There’s something special about the population of quokkas, or kwoka in Noongar, who live on Wadjemup / Rottnest Island. Their story is literally written in the land. The name ‘Rottnest’ comes from 17th-century Dutch explorers who considered the animals to be large rats and bestowed the island, ‘Rat’s Nest’.
These small marsupials bring childlike joy to those who make the journey to see them in the wild. They are the sole reason many people visit the island. Protagonists in children’s books. Iconic emblems on holiday souvenirs. Their infamy is undeniable; however, the quokka is a vulnerable species, protected, adored, and respected.
Rottnest Island is where you can be amongst the world’s largest quokka population. They are related to kangaroos and wallabies, and to see them in the heat of summer is one thing, but it’s quite another to witness these incredible creatures in the cooler months — just like kangaroos, little joey quokkas take their first hops into the world as protective mothers watch on. It’s unforgettable.
Wadjemup is a Class A reserve, made up of six unique ecosystems, each one with the perfect conditions for thriving animal, bird, and sea life. The quokka population is a big part of that, but not the only part. When you commit to protecting the quokka, you are protecting the greater island wilderness.
5-minute walk from the main bus stop
In a few minutes, you move from the high energy of the settlement and arrive in silence. Garden Lake is still. Surrounded by trees and ramped by a field of grass and samphire; you will see a family of quokkas sleeping under the trees or venturing out in the early morning and late afternoon. While there are plenty of incidental quokka sightings on the island, with its boardwalk that offers the perfect view at a respectful distance, Garden Lake is an ideal place to go for a purposeful quokka experience.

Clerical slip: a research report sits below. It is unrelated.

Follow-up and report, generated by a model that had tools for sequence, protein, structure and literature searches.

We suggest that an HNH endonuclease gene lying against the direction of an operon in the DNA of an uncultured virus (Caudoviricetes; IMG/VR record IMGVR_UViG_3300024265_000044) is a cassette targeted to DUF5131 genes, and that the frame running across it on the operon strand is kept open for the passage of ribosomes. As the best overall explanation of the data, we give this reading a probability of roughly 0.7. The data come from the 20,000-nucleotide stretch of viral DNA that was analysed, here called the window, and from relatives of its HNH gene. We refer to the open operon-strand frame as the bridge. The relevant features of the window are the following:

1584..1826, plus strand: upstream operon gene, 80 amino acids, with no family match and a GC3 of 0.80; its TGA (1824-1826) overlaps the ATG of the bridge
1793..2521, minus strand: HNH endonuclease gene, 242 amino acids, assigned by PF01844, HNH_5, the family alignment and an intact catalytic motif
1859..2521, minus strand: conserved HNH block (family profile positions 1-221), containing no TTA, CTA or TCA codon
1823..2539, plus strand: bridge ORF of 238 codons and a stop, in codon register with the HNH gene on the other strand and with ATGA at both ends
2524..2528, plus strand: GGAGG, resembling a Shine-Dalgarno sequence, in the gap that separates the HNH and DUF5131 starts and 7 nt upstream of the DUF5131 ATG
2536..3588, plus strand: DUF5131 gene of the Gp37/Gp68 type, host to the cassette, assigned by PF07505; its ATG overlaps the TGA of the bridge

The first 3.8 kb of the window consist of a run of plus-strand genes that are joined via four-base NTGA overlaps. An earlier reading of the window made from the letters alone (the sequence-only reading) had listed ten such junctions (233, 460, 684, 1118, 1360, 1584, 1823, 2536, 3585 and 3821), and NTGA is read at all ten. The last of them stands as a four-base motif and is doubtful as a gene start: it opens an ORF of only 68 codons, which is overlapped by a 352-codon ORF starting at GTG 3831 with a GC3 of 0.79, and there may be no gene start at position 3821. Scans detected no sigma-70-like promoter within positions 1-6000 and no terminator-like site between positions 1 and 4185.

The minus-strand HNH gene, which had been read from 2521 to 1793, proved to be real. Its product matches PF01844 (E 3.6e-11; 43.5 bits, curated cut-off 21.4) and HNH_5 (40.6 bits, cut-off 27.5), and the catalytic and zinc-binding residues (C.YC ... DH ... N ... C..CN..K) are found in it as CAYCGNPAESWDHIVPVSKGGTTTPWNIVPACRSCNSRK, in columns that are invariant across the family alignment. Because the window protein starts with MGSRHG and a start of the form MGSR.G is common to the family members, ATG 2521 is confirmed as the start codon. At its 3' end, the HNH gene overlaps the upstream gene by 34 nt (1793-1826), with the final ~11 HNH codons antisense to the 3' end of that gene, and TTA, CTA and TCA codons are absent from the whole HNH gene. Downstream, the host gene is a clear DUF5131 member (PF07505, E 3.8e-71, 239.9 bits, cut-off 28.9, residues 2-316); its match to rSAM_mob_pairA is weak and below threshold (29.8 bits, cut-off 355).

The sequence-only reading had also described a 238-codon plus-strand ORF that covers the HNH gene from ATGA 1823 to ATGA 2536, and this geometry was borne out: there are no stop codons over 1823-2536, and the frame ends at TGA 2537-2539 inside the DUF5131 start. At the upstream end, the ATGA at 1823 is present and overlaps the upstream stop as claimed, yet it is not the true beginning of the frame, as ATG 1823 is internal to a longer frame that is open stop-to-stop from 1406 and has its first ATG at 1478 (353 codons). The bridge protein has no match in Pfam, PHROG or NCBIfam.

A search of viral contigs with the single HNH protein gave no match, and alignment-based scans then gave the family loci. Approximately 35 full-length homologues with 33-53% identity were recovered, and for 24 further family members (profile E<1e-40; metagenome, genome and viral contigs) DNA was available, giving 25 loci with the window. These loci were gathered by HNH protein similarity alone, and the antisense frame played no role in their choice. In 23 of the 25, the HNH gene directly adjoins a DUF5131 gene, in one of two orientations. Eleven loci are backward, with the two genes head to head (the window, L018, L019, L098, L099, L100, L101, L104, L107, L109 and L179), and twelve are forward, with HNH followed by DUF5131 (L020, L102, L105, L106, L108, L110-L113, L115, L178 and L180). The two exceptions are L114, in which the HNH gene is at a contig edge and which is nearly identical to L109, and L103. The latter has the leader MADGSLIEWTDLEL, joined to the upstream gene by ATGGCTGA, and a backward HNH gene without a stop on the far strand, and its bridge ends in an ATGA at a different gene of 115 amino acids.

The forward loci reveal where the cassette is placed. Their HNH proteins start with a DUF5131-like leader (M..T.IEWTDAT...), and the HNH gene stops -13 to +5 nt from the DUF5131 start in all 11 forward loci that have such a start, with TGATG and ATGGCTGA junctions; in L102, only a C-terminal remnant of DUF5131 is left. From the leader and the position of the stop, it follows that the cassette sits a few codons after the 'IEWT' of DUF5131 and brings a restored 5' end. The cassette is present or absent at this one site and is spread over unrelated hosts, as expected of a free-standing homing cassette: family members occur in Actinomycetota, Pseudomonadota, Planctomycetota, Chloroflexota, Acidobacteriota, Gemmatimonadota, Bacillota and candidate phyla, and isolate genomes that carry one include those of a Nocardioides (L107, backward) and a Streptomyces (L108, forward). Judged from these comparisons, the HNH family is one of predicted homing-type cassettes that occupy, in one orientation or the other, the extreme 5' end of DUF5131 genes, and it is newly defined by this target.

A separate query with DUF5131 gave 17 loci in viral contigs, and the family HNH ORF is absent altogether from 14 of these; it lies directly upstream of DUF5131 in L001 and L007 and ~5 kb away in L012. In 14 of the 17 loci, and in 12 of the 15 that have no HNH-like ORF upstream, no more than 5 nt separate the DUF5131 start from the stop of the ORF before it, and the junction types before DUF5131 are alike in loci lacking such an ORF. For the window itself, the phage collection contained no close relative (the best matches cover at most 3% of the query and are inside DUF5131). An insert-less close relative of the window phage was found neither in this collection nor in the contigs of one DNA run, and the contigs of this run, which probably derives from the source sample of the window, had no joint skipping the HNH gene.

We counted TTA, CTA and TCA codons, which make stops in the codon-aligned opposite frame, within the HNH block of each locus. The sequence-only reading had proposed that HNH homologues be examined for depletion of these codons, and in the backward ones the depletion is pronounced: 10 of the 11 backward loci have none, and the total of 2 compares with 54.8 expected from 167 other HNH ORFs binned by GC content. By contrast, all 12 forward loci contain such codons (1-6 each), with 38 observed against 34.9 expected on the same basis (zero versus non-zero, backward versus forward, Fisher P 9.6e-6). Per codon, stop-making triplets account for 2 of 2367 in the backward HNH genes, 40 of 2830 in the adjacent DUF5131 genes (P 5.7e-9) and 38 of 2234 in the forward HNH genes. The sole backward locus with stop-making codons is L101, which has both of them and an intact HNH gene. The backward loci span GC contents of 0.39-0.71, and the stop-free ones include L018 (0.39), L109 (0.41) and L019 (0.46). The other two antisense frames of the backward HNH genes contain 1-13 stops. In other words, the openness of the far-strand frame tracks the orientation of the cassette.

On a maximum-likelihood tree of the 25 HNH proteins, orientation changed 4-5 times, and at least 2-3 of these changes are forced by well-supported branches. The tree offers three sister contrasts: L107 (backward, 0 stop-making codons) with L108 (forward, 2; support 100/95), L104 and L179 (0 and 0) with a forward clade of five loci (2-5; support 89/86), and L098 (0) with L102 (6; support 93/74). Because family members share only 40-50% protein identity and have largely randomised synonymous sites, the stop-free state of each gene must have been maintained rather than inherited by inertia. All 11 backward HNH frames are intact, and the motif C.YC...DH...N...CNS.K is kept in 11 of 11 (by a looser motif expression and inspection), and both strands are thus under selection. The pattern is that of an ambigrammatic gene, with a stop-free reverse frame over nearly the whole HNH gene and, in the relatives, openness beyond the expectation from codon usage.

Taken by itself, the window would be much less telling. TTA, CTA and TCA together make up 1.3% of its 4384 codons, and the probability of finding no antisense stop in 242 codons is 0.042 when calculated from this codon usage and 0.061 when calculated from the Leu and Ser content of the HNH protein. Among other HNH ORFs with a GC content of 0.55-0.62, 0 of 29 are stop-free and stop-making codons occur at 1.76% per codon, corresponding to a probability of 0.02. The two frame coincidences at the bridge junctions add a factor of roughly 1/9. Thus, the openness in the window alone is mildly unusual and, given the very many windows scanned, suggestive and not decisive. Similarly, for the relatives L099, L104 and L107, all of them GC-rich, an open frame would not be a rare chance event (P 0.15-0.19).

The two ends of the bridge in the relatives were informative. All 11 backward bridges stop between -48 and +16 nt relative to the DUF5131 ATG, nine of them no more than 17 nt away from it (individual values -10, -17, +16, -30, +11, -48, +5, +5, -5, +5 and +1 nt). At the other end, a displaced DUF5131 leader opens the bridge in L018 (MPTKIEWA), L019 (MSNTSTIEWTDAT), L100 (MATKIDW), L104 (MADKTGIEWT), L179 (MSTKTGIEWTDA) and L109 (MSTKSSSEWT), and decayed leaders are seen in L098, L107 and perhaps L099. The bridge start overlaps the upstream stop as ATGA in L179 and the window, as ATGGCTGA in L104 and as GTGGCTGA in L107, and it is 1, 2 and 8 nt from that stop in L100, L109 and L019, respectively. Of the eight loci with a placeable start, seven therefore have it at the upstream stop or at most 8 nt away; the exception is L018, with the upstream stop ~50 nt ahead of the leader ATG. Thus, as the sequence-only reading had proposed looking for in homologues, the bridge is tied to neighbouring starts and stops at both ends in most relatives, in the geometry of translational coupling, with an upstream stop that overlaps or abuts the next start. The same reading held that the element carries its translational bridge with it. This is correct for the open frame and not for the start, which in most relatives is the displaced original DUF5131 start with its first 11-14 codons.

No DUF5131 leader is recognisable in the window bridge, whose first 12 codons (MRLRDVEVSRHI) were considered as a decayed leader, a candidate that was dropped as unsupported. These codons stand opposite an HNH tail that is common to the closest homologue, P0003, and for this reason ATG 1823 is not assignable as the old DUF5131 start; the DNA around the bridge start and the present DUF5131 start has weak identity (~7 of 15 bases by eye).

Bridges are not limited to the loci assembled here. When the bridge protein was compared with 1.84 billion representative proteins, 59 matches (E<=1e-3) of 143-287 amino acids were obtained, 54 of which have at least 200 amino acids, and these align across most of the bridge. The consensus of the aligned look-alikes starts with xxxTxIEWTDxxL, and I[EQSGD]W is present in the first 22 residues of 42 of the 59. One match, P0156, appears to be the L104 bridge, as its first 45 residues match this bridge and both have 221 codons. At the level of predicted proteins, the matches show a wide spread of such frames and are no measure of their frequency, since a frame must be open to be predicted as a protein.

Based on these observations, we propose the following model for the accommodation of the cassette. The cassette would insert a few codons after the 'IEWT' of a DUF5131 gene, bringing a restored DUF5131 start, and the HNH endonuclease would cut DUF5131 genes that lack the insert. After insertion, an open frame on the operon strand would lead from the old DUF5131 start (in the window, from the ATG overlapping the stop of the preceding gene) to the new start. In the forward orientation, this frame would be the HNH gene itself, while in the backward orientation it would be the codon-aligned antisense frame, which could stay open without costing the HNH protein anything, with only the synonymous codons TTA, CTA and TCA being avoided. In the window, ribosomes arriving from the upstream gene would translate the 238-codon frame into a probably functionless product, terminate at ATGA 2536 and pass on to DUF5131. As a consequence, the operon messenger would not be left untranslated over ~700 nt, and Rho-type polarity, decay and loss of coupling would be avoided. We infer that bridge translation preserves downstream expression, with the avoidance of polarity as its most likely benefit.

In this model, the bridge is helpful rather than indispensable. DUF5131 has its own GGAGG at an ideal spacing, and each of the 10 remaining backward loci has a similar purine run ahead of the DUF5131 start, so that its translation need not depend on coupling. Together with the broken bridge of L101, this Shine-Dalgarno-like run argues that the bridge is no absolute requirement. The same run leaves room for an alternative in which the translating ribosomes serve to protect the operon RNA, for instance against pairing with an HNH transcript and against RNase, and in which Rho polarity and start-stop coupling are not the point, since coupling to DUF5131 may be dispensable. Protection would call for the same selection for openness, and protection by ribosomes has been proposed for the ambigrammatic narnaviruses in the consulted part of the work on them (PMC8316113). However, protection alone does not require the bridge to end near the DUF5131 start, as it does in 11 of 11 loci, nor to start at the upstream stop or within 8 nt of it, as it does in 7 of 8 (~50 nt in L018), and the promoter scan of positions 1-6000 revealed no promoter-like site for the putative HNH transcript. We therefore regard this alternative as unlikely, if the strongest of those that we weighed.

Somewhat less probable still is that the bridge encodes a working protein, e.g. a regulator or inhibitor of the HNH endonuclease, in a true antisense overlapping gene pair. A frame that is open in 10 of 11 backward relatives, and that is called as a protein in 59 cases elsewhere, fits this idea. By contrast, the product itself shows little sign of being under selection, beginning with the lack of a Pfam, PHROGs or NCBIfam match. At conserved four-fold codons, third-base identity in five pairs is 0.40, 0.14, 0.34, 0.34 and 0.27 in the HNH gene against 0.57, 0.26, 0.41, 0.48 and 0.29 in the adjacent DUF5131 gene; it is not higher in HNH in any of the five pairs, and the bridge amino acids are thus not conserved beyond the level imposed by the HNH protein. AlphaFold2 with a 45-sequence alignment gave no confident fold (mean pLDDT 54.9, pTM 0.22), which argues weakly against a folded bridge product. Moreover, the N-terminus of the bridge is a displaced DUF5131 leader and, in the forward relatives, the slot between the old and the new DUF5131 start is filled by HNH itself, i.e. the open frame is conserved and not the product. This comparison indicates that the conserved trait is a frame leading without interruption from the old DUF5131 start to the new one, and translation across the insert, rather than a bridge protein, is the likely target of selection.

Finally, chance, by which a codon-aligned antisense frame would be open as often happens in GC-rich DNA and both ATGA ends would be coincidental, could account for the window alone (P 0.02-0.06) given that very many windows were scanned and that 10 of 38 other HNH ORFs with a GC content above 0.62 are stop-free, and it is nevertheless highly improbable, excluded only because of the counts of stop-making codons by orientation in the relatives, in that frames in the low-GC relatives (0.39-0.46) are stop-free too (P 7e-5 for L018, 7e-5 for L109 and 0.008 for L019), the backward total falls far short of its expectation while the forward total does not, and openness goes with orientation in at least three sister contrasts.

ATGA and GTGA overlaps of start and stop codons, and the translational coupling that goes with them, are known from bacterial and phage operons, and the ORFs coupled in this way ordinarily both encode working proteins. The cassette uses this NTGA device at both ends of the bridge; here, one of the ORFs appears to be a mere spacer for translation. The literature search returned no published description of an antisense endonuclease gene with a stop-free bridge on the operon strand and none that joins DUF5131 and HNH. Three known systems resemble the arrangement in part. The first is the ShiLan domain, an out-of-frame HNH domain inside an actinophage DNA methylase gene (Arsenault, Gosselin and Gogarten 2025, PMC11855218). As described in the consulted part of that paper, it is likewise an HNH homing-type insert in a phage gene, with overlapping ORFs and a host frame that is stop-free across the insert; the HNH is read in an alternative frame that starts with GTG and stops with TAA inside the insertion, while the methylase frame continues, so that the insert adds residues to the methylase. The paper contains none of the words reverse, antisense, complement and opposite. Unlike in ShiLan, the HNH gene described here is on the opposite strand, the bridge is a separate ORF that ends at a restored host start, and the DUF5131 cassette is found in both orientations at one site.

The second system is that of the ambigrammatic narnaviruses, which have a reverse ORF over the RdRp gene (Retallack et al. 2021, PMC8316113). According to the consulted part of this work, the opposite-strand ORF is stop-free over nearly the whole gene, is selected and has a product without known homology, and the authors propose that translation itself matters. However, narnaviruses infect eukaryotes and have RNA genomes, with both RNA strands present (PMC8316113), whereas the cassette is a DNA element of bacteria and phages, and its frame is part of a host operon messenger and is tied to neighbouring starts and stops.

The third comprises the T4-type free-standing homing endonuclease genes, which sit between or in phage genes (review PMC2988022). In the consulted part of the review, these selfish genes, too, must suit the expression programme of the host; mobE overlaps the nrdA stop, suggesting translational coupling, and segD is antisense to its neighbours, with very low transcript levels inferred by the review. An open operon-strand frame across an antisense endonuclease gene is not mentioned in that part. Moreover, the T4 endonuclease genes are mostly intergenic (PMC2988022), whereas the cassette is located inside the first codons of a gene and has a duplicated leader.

Where Gabbi Karniny Bidi meets Kingsway Road
When you walk the trail between the sports oval and the golf course, you will come in contact with a line of native tea trees just opposite Discovery Rottnest Island (the eco-tent village). These tall gums and low-lying tea trees are knitted together to form the ideal woodland habitat for a thriving quokka population. Stand back and take in the marsupial group going about their natural movements.
Take your quokka tour west. As you cycle to Stark Bay, you will encounter tall fig trees and date palms leaning into one another and creating the perfect reserve for island marsupials. If you’re doing a full tour of the island by bike, you can travel the southern track back to the settlement, cycling past Parker Point (approximately six km from Stark Bay). Here, there’s a natural dip in the road where you’ll see a shrub forest of native tea trees; for those with a keen eye for spotting wildlife, you may get a glimpse of the quokka population here too.
There is no need to do anything to attract a quokka; their natural curiosity will bring them closer to you if they feel safe. If a quokka hops towards you, stay still and enjoy being in proximity to these unique marsupials. Remember not to touch or feed them — it’s also important to move back if they venture within two metres of you.
During the cooler months on the island, the quokkas seem to take on a new personality. They are no longer in pursuit of shelter from the hot Australian sun, tourist crowds are thinned so they have more space to roam freely, and, most fascinatingly, they are welcoming new life.
From June, the mother’s pouches become heavier and by September, you could catch a glimpse of a baby quokka (known as a joey) taking its first hops into the world. When you witness these special moments, you take that feeling back to the mainland with you. It’s a feeling of awe and wonder that follows you home.
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We look forward to welcoming you to Wadjemup / Rottnest Island soon.